It seems to me that graduation in many respects symbolizes a changing of the guard. After today you formally are no longer “students”, but “graduates” and “alumni”; you will now practice and not just just learn about the principles of your profession. You will also no longer be assessed and judged by this University according to the standards that it has set for you; instead this institution will be judged according to the standards that you maintain in the “world out there”.
For those who graduate today, and their loved ones who have supported them during their studies, often at great cost to themselves, a new and exciting phase of life has started. For this institution, one more year ring is added to the sturdy trunk of this tree that has such a proud record of service to its country and society.
I would like to make some observations today from the perspective of my experience of “the world out there” and, in particular, from my experience of having worked with the United Nations over the last four years as Special Rapporteur on extrajudicial, summary or arbitrary executions. In other words, as advisor to the world body and to its member States on unlawful killing, or, as my colleagues like to say, Special Rapporteur on all kinds of terrible things.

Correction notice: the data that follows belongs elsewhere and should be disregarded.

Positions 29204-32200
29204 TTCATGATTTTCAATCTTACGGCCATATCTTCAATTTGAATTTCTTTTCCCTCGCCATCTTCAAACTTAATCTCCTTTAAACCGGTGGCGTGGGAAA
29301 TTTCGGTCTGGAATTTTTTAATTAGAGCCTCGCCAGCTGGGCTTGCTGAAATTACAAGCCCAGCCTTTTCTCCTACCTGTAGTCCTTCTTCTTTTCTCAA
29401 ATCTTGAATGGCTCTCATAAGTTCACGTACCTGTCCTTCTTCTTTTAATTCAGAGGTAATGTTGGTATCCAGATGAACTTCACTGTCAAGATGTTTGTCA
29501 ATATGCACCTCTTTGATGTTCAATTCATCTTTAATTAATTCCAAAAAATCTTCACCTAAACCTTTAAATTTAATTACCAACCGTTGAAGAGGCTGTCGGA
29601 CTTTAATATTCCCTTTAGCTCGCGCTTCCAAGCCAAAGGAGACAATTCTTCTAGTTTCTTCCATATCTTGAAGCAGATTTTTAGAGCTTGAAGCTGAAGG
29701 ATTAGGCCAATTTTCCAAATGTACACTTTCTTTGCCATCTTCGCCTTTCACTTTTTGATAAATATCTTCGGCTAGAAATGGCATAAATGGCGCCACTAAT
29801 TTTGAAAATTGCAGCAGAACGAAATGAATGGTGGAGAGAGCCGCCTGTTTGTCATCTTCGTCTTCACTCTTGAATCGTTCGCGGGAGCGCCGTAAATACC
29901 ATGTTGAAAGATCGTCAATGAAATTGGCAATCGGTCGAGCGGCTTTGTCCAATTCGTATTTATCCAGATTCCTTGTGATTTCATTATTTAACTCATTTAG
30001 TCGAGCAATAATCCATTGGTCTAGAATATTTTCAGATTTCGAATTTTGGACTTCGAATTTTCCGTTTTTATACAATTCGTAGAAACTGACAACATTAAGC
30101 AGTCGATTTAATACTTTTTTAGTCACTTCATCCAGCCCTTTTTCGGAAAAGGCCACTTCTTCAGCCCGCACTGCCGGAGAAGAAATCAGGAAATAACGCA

I recently asked an ambassador to Geneva from a country from which there are troubling reports whether I could conduct a fact-finding mission to his country. He remained silent for a while and then asked: “So you want to come and tell us we are killing people?” I had to be honest, and tell him yes, that was more or less it. However, I like to see it in a more positive light – the mandate is an opportunity to pursue the better protection of life on a global scale.